1. Benchmarks that would help us assess where we are now (baseline or pre-intervention) and where we would be if the initiative were successful (objectives).
         
        What baseline markers could we access and how would we hope they would change if success were attained?
         
      2. Behavioral objectives: the changes in behaviors we would see if the group's efforts were successful (What would people be saying and doing differently?) (e.g., For preventing adolescent pregnancy - "By 2012, to increase by 40% the reported level of sexual abstinence among 12-15 year olds.")
      3. Population-level objectives: the changes in community-level indicators we would see if the group's objectives were met (How would changes in individual's behaviors add up to outcomes for all those in the community?) (e.g., For adolescent pregnancy - "By 2015, the estimated pregnancy rate among 12-15 year olds will be reduced by 30%")
    2. Review the objectives to determine if they are: (SMART+C)
      1. Specific
      2. Measurable (at least potentially)
      3. Achievable
      4. Relevant (to the mission)
      5. Timed (date for attainment)
      6. Challenging (requiring extraordinary effort)
    3. Be flexible with deadlines in creating objectives. Defining objectives is time consuming and may require second and third considerations for completeness.
       
      Related resources:
      VMOSA (Vision, Mission, Objectives, Strategies, Action Plan): An Overview
      Creating Objectives
       
  5. Identify the strategies (how things will be accomplished).
    1. To develop (or refine) strategies, clearly describe how the effort will bring about the mission and objectives. Identify for each:
      1. The levels to be targeted ( i.e., individuals, families and kinship groups, organizations and sectors, and/or broader systems.)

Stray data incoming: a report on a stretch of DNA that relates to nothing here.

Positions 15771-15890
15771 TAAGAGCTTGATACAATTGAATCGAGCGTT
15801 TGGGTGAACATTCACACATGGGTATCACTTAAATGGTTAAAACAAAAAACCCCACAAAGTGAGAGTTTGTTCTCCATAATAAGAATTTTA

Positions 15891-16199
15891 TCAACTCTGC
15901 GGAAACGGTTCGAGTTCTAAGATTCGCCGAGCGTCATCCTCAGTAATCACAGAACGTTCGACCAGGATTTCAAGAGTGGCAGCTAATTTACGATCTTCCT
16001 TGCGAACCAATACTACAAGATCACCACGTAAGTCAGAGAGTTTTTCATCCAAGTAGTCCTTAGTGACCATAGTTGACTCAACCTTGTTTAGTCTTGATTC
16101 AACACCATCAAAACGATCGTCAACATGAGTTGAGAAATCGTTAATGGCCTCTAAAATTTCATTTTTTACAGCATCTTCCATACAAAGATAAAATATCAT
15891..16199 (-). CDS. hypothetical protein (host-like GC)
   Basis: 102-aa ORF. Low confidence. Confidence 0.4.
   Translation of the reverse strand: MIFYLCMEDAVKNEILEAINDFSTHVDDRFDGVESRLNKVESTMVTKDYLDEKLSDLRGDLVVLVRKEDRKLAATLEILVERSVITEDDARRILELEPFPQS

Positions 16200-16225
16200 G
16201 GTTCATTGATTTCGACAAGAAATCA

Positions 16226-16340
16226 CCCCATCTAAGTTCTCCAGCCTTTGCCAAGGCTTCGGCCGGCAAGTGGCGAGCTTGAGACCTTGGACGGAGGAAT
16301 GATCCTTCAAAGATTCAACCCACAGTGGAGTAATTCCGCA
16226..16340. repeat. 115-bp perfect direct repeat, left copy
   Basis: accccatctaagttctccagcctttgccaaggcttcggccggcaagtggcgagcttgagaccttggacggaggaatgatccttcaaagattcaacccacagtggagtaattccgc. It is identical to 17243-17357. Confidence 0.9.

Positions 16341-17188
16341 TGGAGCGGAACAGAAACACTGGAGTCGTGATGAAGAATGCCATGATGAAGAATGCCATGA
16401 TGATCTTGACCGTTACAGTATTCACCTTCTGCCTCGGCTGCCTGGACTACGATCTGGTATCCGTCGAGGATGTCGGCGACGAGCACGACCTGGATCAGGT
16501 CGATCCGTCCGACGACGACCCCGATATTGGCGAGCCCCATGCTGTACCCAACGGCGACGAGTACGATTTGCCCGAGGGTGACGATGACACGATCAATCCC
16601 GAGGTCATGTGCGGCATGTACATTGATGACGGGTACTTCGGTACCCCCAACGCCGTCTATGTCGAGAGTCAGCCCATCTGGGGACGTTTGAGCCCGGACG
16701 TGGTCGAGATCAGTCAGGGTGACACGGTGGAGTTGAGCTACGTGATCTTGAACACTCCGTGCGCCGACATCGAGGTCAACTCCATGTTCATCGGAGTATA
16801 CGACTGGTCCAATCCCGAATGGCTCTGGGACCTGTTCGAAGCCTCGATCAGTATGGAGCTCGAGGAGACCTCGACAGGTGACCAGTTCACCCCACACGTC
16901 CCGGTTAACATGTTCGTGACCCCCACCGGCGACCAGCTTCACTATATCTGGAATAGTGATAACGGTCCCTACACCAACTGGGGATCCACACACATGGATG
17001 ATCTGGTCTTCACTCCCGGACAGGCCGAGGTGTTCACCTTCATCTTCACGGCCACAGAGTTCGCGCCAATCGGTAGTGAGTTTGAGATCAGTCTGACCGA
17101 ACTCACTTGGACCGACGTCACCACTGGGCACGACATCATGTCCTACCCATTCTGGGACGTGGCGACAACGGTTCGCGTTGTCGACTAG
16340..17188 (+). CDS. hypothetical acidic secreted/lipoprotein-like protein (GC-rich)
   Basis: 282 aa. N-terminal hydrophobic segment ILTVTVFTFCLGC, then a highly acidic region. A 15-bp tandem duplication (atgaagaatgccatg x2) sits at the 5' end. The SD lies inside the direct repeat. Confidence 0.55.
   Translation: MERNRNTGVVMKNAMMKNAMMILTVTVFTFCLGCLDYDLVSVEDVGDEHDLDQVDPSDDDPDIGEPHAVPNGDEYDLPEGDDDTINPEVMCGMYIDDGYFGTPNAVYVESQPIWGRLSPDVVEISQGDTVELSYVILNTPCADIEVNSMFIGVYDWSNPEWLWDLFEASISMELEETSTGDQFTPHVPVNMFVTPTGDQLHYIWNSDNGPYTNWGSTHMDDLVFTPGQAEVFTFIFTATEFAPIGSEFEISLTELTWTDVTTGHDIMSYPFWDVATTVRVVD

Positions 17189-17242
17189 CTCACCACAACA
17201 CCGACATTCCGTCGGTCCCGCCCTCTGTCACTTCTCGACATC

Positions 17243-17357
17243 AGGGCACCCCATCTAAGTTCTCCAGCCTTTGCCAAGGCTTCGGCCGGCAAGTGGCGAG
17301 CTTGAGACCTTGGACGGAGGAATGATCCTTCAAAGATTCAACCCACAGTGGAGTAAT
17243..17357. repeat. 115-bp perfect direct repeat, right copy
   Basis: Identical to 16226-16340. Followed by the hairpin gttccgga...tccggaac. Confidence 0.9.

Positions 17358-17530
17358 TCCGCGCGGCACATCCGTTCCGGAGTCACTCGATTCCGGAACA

What different levels of your problem or goal will you target?
         
      2. For each strategy, consider if it will be universal (i.e., includes all of those who may be at risk or may benefit; e.g. all children and youth) or targeted (i.e., targets those who may be at greater risk for the problem; e.g., youth with a history of violence)
      3. The personal and environmental factors to be addressed by the initiative
        • Personal factors may include: knowledge, beliefs, skills, education and training, experience, cultural norms and practices, social status, cognitive or physical abilities, gender, age, genetic predisposition
        • Environmental factors may include: social support, available resources and services, barriers (including financial, physical, and communication), social approval, policies, environmental hazards, living conditions, poverty, and disparity in status
           
          What personal factors related to your vision and mission are common among those affected by the problem and those maintaining it?
           
          What environmental factors related to your vision and mission are common within your targeted community?
           
      4. Those who can most benefit and contribute and how they can be reached or involved in the effort
        • Targets of change: those who may at particular risk for the issue or whose actions are critical for success. For you, who would this include?
        • Agents of change: those who may be in a position to contribute to the initiative, including targets of change. Who would this include?
        • Community sectors: through which targets and agents of change can be reached or involved
      5. Behavioral strategies to be used. Approaches may include: